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Online Shopping - US billing address/US issued credit card required

 8:38 am on Jan 3, 2009 (gmt 0)

I don't understand why some US based websites require a US billing address or a US issued credit card when you shop with them. Is this a way to say that non-US based shoppers are not good enough to be their customers? A lot of famous online shops (Amazon, Neiman Marcus, Saks, Nordstrom, etc) accepts international billing address and I would expect their customer base and sales are so much better than those sites who discriminate against international customers. With the melt-down of the US economy, and the bankruptcy of some retailers, I hope those sites requiring US billing address or US issued credit card will open their doors to international customers to boost their sales.



 10:07 am on Jan 3, 2009 (gmt 0)

Hi , i understand your concerns for this at times it can be frustrating , all these steps are to prevent fraud orders from many parts of world . Due to charge backs faced in case of frauds webmasters tend to avoid international customers.

Try looking for the contact address and emailing the seller and see what he says.

Good luck and happy new year


 11:47 am on Jan 3, 2009 (gmt 0)

My UK based processor gives me better terms, and chargeback protection, if I opt to take UK cards only. Probably a similar issue.


 4:48 pm on Jan 3, 2009 (gmt 0)

Quite simple actually.

1. Fraud rates from overseas are higher than from the US.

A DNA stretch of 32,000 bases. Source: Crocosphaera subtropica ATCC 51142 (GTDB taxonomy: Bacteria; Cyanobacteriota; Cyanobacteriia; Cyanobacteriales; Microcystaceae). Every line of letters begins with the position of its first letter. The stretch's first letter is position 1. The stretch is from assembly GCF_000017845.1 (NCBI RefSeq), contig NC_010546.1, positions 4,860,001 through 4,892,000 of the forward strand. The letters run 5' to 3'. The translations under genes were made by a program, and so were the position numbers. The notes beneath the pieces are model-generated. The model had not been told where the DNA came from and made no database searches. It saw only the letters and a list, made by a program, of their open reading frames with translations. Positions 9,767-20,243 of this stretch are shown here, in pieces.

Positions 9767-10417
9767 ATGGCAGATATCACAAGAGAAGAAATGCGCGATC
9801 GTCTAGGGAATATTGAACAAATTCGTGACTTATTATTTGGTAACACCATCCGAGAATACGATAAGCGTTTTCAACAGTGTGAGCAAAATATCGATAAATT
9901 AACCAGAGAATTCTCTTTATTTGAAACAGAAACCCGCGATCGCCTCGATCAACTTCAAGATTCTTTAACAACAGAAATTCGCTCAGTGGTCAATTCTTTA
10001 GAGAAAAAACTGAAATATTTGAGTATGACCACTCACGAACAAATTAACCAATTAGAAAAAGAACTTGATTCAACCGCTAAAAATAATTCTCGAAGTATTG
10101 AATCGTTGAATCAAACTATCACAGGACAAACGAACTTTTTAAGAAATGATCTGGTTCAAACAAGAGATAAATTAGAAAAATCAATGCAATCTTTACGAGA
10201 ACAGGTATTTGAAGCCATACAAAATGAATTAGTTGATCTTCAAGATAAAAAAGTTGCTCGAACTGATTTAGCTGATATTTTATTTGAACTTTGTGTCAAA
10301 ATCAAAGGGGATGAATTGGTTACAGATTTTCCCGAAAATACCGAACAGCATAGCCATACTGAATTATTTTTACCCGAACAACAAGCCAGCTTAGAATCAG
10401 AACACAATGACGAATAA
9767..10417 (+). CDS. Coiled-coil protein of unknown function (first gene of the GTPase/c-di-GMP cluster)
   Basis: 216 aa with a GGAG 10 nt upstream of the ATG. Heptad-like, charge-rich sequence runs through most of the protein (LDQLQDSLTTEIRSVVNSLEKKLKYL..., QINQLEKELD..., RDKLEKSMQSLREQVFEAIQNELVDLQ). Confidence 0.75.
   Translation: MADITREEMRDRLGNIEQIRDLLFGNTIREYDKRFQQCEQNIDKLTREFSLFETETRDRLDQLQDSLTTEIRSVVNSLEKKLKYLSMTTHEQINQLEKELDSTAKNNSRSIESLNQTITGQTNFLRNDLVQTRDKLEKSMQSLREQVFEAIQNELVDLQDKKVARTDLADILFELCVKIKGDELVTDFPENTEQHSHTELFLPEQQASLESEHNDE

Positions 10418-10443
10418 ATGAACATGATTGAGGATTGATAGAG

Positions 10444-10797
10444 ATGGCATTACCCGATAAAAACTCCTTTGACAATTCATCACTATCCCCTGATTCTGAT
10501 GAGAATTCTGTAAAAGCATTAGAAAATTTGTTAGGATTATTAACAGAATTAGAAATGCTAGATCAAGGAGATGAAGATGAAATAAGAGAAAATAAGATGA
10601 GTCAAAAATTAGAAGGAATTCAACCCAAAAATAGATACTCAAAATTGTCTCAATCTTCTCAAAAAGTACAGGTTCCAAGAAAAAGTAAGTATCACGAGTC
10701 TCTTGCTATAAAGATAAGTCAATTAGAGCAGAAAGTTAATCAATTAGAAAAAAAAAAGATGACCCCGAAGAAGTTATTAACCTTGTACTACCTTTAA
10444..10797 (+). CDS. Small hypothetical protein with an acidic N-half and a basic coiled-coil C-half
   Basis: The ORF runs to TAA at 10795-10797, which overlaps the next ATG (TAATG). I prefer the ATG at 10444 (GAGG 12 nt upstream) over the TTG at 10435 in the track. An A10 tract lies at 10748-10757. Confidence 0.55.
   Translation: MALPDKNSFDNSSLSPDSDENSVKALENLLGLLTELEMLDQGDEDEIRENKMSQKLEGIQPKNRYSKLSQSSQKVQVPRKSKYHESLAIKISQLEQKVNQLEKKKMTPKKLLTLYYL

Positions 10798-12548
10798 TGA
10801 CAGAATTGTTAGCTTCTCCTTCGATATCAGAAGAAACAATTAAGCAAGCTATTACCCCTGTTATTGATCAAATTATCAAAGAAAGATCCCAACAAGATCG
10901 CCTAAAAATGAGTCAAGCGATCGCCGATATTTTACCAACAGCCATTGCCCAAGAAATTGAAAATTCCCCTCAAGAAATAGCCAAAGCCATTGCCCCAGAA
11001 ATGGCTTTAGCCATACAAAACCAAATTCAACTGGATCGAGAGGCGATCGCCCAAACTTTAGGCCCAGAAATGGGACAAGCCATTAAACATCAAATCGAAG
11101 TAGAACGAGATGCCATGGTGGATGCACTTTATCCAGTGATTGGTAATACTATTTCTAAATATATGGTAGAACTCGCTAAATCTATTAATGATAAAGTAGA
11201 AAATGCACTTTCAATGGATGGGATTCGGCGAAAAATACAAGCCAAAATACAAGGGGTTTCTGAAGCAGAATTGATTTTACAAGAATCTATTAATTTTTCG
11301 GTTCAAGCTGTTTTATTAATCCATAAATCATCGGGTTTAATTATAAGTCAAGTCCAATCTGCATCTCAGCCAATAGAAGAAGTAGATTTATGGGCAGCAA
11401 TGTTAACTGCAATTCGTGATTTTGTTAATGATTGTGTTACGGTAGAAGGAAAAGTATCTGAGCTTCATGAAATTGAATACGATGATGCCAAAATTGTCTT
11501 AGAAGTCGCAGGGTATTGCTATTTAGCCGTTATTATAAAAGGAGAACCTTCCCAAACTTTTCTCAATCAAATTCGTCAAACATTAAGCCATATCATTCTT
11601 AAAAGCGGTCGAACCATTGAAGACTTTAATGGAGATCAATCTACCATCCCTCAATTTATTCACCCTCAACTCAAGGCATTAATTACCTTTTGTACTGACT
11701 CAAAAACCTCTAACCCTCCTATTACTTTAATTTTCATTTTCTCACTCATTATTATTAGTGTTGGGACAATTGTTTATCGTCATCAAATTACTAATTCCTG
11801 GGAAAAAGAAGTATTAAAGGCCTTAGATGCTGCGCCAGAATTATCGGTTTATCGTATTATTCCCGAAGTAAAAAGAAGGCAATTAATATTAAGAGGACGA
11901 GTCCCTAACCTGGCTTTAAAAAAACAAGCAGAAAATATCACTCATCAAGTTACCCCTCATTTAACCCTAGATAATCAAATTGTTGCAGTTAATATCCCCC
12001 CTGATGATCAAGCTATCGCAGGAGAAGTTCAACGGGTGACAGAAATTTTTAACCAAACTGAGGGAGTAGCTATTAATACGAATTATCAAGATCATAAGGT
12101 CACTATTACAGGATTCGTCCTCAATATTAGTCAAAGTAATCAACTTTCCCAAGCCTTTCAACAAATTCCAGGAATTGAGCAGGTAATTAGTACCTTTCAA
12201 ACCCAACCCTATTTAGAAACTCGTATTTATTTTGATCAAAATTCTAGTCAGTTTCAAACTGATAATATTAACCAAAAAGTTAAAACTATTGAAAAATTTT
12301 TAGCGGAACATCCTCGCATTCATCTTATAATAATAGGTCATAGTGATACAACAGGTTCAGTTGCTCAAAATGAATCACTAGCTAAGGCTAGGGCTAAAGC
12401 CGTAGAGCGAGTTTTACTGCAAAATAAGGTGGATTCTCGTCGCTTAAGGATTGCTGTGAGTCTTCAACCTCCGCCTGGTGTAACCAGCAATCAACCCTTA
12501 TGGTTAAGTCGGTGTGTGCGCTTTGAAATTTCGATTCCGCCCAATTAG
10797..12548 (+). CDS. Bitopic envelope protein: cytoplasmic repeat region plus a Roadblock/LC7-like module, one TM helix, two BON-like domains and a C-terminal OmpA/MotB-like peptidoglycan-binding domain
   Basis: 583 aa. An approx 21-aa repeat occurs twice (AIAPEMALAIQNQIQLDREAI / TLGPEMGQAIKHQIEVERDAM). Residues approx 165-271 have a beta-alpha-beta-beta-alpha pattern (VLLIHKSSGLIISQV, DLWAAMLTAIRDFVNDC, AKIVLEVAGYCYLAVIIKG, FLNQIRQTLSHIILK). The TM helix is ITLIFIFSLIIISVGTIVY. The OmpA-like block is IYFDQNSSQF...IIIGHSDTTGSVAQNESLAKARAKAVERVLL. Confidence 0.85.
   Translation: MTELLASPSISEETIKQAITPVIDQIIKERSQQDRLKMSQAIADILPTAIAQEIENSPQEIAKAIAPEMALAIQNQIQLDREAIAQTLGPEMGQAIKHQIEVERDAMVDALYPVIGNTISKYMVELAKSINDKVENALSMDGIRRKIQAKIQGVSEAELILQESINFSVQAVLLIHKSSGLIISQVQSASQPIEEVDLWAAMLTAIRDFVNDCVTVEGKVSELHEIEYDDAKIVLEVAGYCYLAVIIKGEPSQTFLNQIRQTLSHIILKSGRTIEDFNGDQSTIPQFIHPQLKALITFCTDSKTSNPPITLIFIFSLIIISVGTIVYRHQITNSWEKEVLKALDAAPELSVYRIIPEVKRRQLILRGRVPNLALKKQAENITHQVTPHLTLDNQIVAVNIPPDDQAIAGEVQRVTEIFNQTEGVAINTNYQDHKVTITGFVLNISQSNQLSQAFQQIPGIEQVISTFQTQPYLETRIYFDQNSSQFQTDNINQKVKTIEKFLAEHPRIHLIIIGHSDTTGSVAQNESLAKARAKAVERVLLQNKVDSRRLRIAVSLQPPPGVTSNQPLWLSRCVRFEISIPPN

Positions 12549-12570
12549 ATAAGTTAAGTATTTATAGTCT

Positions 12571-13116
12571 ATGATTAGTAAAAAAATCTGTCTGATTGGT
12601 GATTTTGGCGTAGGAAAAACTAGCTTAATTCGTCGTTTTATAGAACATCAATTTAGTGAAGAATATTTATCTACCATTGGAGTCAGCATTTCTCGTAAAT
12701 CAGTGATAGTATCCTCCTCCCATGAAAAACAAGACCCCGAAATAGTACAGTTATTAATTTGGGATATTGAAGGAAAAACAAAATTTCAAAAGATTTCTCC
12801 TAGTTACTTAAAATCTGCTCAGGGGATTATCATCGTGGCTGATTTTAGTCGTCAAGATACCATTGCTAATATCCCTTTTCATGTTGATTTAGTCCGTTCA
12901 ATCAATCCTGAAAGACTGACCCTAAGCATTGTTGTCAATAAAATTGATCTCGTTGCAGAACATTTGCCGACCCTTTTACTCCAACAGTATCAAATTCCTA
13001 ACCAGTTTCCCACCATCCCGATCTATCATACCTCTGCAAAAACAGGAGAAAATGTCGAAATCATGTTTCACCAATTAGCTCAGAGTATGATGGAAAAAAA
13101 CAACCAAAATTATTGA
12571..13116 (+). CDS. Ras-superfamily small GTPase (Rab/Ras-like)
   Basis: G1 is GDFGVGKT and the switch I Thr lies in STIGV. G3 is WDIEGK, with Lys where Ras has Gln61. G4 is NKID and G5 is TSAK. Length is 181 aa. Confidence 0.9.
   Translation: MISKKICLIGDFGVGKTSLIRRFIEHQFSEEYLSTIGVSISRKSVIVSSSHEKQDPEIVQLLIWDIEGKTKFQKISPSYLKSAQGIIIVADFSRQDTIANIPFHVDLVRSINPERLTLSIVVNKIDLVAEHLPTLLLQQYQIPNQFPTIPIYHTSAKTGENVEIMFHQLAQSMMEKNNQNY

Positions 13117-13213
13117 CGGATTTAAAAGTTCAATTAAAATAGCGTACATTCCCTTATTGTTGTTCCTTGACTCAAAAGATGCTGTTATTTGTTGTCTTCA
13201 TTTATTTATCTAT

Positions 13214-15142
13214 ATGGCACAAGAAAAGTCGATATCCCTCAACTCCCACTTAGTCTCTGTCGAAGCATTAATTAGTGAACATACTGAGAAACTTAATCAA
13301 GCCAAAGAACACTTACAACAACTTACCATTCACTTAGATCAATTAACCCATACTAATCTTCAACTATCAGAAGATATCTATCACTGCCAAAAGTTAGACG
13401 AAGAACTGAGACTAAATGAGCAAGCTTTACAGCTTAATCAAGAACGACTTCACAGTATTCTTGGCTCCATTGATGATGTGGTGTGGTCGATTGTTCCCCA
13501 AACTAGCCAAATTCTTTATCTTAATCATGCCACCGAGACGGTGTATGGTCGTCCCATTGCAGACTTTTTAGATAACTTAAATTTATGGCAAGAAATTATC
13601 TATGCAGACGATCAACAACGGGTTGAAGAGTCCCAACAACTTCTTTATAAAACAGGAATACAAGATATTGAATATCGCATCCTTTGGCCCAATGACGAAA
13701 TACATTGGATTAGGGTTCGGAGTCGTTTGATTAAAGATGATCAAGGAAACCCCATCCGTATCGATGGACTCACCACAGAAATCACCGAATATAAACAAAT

2. Address verification does not work for most cards issues outside the US, so cannot verify if the order is being shipped to a legitimate address.

We usually tell customers in many countries to use PayPal, as there is simply no way we can verify European and most other cards.

Corey Bryant

 9:59 pm on Jan 4, 2009 (gmt 0)

AVS (Address Verification Service) (albeit an archaic method) is still the first defense to help vet a transaction. Transactions for consumers not based in the United States usually cannot be vetted through AVS.

Sure - the economy might be in a bad place right now, but that is even more of a reason to help prevent fraudulent transactions now. Many small businesses live month to month, and a couple of chargebacks could potentially put the small business out of business.


 11:12 pm on Jan 4, 2009 (gmt 0)

I've been burned twice this year on transactions, one of which involved a card drawn on a bank from outside the US. I had no way to deal with the bank, and so had to eat the loss.

I get a lot of people from Canada wanting to order items, and I'll ship to them if they use PayPal.

It's just too easy to get screwed.


 12:07 pm on Jan 5, 2009 (gmt 0)

The other thing is that many credit card processors charge a much higher rate to process international cards than US cards. Mine charges almost twice as much. It's also a hassle just to mail international orders because of the customs form (and I use priority mail, which means free boxes but not for international--I have to buy those). I'm willing to do this because I get maybe 5-10% of orders internationally, but others might not want to bother. It doesn't have much to do with prejudice, I don't think. It's cost.


 5:47 am on Jan 6, 2009 (gmt 0)